Israel’s Shin Bet security service has been demanding access to personal email accounts of visiting tourists with Arab names, according to the testimony of three U.S. citizens who were interrogated at Ben Gurion Airport and subsequently refused entry into Israel in May.
Najwa Doughman, a 25-year-old architect from New York, landed in Israel on May 26. Doughman, who had already visited Israel three times in the past, planned to tour the country for ten days with a friend, Sasha Al-Sarabi, 24, who was visiting Israel for the first time. Both women were born to Palestinian families who were expelled from Haifa and Akko in 1948.
Around 5 P.M., approximately an hour after landing, Doughman’s interrogation began. She was questioned by a female security guard who did not divulge her name or position. Another female questioner was also present.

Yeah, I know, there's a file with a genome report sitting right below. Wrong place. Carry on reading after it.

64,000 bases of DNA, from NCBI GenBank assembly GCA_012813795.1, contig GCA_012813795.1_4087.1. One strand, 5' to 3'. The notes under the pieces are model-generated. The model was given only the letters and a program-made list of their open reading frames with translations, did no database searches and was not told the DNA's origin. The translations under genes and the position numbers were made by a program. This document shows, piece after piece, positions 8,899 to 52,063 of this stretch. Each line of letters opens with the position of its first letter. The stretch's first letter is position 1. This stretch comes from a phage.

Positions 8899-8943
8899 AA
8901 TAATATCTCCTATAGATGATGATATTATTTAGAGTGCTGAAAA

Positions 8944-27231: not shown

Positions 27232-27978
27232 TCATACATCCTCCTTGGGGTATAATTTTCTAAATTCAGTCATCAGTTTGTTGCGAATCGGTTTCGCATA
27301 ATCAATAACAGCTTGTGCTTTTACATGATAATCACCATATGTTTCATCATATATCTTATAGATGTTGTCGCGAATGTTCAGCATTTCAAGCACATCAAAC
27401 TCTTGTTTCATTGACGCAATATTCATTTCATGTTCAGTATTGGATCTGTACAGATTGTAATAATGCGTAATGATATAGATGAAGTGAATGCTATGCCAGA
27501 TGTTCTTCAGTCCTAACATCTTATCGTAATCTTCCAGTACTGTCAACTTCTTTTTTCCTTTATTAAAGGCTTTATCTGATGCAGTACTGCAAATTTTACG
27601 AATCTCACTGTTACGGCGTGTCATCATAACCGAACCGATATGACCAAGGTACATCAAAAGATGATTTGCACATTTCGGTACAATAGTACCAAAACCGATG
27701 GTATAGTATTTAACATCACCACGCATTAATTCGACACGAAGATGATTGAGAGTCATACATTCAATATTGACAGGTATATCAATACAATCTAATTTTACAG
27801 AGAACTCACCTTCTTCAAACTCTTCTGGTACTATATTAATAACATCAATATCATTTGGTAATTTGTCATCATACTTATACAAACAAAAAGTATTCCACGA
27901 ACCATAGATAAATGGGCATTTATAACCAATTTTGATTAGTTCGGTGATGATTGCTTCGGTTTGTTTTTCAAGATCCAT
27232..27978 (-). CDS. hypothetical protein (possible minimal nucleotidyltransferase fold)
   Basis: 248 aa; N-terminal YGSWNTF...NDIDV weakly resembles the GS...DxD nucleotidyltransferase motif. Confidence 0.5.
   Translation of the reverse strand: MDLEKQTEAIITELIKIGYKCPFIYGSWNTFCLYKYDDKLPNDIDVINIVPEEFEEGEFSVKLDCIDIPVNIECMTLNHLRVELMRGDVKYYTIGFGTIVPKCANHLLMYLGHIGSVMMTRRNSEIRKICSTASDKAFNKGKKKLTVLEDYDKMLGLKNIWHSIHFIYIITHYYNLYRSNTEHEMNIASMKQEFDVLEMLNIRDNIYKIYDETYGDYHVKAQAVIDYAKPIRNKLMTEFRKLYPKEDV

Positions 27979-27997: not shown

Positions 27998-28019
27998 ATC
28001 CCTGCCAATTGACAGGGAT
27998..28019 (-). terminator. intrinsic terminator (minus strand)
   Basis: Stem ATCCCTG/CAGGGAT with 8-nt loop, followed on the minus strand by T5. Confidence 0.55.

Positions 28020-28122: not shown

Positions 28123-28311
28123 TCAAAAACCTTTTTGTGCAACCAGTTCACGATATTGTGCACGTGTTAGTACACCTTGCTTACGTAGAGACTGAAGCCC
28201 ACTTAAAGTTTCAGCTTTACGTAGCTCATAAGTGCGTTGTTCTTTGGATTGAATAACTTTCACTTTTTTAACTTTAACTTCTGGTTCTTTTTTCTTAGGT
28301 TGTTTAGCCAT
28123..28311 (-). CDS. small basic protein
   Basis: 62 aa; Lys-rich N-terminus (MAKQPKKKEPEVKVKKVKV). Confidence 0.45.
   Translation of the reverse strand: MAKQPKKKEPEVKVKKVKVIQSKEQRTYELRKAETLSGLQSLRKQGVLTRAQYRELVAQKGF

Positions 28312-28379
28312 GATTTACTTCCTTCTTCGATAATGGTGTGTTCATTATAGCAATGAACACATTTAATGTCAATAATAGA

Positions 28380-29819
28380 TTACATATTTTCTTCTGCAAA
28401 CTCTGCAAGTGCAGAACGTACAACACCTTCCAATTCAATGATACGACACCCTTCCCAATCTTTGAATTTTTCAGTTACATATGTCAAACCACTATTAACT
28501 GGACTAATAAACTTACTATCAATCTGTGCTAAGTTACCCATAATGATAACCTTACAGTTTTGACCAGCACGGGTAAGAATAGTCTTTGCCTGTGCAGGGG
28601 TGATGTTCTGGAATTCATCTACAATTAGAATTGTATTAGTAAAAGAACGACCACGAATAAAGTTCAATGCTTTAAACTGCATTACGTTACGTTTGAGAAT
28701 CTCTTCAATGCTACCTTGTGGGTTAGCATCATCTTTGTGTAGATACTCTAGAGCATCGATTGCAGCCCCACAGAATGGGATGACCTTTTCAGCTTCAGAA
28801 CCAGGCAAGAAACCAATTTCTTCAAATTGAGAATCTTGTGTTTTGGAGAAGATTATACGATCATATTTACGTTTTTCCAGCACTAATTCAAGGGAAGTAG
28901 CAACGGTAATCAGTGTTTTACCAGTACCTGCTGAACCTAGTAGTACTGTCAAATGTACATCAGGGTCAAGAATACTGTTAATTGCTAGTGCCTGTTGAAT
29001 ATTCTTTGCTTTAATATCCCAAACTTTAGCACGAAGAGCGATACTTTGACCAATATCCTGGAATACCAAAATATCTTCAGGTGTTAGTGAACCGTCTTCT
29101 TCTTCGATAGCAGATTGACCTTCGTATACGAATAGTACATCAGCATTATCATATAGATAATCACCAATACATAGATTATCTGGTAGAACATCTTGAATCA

The first part of the interrogation began with questions like: “Do you feel more Arab or more American?” (to which the interrogation supplied her own answer: “Surely you must feel a little more Arab.”), “Will you go to Al-Aqsa?” and “Why are you coming now for the third time? You can go to Venezuela, to Mexico, to Canada. It is much closer to New York, and much less expensive!”
When Doughman responded by asking “Don’t you have other tourists who come here more than once?” her interrogator responded, “I’m asking the questions here.”
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This story "Israeli Security Demands Travelers' E-Mails" was written by Haaretz.